- BlackRock, Fidelity and four other investment firms have gradually bumped up the value of Dropbox after cutting the price in previous years.
- Dropbox has confidentially filed for an IPO.
It's been four years since investors valued Dropbox at $10 billion. Since then, in the eyes of mutual funds and other shareholders, the company has been unable to justify that price.
But as the cloud file sharing and document collaboration company prepares to go public, investment firms have been gradually marking the price up They now value the company at between about $6.6 billion and $8.5 billion, according to a CNBC analysis of regulatory filings.
Dropbox has confidentially filed for an IPO, CNBC reported on Thursday. In April, Bloomberg, which first broke the news about the confidential IPO filing, reported that Dropbox was profitable, excluding some taxes and other items.
The company did not provide a comment.
Dropbox is in a brutally competitive market, going up against Apple and Google for consumer file storage (photos and videos), and taking on a host of companies from Microsoft and Amazon to Box on the enterprise side. That's forced the company to shutter some big initiatives in its effort to find a money-making business model.
In 2015, as Box was struggling on the public markets, reports came out showing that some firms had severely marked down the value of their Dropbox holdings.
The recent increases in Dropbox's price suggest that it might be a better time for the company to go public. But it will still need to grow profitably and excite the public markets to return money for many of its investors.
After going public, Dropbox could wind up with a market cap below or equal to its $10 billion private valuation from 2014, said Rohit Kulkarni, managing director for private investment research at SharesPost.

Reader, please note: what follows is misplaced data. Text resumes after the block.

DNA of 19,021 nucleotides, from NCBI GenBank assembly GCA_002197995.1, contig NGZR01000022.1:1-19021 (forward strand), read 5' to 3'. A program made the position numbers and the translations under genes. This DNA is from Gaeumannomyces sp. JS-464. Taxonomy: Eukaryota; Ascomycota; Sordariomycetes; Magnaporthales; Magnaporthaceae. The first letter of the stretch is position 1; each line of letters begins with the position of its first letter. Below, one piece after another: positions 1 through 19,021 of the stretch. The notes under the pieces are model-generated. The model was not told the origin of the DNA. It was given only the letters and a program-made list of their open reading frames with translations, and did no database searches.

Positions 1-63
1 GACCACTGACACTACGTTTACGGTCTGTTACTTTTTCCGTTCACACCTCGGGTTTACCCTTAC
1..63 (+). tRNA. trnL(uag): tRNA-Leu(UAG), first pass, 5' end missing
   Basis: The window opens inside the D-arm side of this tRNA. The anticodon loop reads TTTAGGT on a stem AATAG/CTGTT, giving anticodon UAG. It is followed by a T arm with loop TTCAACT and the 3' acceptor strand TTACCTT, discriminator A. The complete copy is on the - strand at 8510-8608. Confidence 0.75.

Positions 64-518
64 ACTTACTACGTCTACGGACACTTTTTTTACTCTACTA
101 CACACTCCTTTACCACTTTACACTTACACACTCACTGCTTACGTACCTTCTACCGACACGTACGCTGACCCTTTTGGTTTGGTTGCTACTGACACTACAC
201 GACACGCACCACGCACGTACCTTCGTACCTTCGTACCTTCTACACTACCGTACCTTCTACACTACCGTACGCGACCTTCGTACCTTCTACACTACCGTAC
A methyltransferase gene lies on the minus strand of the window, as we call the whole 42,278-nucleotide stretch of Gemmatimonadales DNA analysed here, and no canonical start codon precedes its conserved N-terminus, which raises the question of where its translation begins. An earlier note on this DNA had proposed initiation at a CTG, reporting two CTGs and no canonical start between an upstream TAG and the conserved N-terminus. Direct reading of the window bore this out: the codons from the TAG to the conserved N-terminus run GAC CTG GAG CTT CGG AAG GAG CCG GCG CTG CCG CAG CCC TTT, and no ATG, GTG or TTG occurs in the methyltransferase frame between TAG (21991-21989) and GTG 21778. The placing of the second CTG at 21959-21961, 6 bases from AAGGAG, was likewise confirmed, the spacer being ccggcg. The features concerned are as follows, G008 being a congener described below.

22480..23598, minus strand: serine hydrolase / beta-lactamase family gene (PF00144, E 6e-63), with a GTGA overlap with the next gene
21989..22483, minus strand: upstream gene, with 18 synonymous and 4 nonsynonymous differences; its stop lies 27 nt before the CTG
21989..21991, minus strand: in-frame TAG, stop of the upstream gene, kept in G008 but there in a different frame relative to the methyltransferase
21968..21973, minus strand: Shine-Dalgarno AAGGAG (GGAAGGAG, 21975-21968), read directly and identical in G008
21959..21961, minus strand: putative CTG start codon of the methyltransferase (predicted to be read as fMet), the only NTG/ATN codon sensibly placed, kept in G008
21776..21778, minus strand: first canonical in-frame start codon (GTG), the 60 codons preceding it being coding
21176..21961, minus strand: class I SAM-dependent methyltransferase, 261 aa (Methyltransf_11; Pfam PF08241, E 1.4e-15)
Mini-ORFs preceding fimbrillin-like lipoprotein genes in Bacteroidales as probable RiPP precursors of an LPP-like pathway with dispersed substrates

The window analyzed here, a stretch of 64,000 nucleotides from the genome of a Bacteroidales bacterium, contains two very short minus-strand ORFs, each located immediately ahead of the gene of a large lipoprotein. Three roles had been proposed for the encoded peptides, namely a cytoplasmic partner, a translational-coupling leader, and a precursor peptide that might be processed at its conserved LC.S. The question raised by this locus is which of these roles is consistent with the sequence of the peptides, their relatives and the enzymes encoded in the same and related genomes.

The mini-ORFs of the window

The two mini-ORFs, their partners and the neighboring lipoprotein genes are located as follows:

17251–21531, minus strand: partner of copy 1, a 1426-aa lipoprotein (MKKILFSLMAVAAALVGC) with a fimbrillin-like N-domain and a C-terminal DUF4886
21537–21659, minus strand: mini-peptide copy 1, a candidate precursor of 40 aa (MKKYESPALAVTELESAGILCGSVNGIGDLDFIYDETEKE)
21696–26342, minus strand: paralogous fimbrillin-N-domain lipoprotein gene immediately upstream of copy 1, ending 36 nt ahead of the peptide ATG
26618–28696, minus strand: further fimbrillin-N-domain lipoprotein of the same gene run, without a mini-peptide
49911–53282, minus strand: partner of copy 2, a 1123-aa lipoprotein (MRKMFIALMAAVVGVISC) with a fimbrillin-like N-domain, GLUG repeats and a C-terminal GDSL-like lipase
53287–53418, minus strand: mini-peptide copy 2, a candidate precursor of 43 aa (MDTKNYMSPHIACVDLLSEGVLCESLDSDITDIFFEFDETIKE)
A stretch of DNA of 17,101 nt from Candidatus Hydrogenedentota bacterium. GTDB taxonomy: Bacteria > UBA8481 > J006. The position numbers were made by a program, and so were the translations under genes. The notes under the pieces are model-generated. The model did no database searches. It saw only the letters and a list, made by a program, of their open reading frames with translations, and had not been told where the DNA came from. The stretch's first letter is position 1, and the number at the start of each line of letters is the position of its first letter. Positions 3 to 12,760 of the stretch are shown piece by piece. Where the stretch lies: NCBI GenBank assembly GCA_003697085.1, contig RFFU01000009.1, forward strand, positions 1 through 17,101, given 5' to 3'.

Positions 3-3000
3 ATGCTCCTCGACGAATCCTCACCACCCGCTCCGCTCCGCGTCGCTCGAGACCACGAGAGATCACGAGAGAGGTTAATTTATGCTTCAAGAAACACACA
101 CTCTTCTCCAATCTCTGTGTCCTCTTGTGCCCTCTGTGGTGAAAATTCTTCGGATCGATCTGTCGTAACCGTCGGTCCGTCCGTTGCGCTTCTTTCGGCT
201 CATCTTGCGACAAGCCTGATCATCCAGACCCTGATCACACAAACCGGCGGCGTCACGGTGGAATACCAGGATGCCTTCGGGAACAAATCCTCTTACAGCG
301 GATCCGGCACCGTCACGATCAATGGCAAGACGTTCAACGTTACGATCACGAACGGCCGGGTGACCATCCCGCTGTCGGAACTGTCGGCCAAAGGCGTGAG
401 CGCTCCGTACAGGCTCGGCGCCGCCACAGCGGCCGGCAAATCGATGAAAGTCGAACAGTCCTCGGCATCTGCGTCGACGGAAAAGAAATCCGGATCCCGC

He estimates that the company generated about $1 billion in revenue last year, with 25 percent growth and close to two-thirds of sales coming from enterprises.
"The bigger part of the story they would probably be looking to tell is they do not need a capital influx, given their financial profile," Kulkarni said. "That would be the key argument that they would want to make to deserve a premium valuation, as opposed to many other cash-burning unicorns."
Here's a rundown of some investment firms that have changed how they value Dropbox:
BlackRock estimated that its shares in Dropbox were worth $18.23 each as of April 2015, but two and a half years later, at the end of October 2017, they were down 27 percent to $13.30. That's up from $10.87 a year earlier. BlackRock's global allocation fund got its stake in Dropbox in the company's January 2014 funding round.
Fidelity's Small Cap Growth K6 Fund has held stock in Dropbox since 2012. While at the end of July, the price was down 30 percent from early 2015, at $13.40, it was up from $11.10 a year earlier.
GSV Capital, which got in Dropbox's series A-1 round, prices its shares 45 percent below where they were in mid-2015. The stock was pegged at $12.58 at the end of September. But that's up from $10.05 per share at the end of 2016.
Hartford Funds' Capital Appreciation Fund, which invested in Dropbox in 2014, priced the shares at $19.84 in October 2015. One year later the price fell to $19.10, and most recently it was down to $16.20.
Principal's LargeCap Growth Fund I valued Dropbox shares at $19.10 in April 2015 after buying them in 2014, and they were down 33 percent to $12.79 at the end of October. That's up from $12.37 in April 2016.
USAA, whose Science & Technology Fund bought shares in Dropbox in 2012, valued them at $19.10 in April 2015. The price was marked down to $13.02 as of October, which was up from $11.03 a year earlier.